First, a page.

Theatrical lore is a dying art. For generations, especially before the advent of recordings, stage actors kept the legends of their predecessors alive by repeating colorful stories about them. Ed Dixon’s Georgie, a thorns-and-all chronicle of his long friendship with the great English character actor George Rose, is an heir to that tradition. Genial and orotund, Dixon provides marvelous accounts of Rose’s special qualities as a performer—which won him Dixon’s hero worship and two Tony Awards—as well as his droll idiosyncrasies as a person. (He kept adult mountain lions in his Greenwich Village apartment.) Dixon also passes down some of Rose’s own anecdotes about stage legends of yore, and impersonates them vividly.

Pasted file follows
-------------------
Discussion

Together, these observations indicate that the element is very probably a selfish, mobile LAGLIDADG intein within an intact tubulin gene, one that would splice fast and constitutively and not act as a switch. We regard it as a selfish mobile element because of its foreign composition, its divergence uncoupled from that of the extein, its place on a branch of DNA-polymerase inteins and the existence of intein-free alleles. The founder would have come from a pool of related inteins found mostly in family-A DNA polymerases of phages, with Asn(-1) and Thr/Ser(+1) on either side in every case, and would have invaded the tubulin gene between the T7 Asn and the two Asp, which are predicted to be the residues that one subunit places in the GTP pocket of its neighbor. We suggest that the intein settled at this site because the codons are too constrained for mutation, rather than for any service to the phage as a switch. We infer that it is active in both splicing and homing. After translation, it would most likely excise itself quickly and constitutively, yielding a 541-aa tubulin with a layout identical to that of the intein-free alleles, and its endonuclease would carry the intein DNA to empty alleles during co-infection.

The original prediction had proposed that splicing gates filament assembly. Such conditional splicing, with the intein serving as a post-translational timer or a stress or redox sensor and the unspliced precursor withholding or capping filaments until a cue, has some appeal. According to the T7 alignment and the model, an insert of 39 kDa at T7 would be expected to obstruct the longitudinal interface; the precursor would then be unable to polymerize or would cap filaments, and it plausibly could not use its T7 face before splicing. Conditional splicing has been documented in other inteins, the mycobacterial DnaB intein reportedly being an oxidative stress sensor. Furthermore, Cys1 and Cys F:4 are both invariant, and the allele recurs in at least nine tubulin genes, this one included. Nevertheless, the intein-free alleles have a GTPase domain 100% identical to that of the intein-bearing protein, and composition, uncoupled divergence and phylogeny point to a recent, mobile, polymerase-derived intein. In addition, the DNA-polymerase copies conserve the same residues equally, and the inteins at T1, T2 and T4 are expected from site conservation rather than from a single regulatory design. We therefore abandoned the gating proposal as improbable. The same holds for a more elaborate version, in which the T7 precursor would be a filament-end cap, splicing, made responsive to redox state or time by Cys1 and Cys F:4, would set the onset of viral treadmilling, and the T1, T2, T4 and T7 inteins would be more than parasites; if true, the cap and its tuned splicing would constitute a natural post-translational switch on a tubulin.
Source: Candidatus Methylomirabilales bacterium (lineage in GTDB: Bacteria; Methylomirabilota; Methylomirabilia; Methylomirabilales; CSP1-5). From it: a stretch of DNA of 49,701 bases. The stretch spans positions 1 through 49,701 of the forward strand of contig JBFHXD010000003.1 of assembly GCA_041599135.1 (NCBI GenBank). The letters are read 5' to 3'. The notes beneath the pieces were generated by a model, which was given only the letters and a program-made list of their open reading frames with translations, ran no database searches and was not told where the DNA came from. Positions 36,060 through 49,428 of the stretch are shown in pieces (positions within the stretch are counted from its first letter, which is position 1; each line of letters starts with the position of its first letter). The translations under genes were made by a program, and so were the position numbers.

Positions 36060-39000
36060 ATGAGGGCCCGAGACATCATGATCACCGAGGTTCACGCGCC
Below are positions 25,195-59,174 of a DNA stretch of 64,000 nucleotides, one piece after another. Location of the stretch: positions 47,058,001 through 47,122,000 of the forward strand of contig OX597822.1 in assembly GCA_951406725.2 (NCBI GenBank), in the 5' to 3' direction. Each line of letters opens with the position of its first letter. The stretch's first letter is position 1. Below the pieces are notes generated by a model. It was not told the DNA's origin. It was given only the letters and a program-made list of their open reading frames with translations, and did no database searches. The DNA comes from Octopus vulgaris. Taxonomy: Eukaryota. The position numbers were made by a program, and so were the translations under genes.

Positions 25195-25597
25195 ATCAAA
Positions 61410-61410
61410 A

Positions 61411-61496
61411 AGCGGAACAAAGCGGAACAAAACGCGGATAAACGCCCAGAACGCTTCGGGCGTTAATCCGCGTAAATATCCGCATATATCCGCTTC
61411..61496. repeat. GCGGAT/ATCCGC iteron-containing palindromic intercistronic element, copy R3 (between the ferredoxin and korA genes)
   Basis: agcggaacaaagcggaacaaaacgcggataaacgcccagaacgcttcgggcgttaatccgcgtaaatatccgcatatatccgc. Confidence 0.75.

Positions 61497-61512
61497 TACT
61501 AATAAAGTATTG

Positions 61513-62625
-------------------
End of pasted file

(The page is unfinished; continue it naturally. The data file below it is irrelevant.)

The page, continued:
The show takes a sharp and very dark turn in its final third, however, and that’s where it loses its balance. In 1988, Rose was brutally murdered in the Dominican Republic by family members of a local teenager named Juan, whom he had adopted and with whom he allegedly had a sexual relationship. Dixon describes visiting Rose shortly before the murder, and being horrified to discover that Juan was a preadolescent 12-year-old boy. This is the show’s dramatic turning point; it triggers Dixon’s disenchantment with Rose and a deep personal spiral. But it is also untrue: Juan was 17 or 18 years old at the time. A distortion of such magnitude is ethically dodgy, and it undermines the rest of Dixon’s show. One expects exaggerations in lore, but at a certain point a stretched story snaps.
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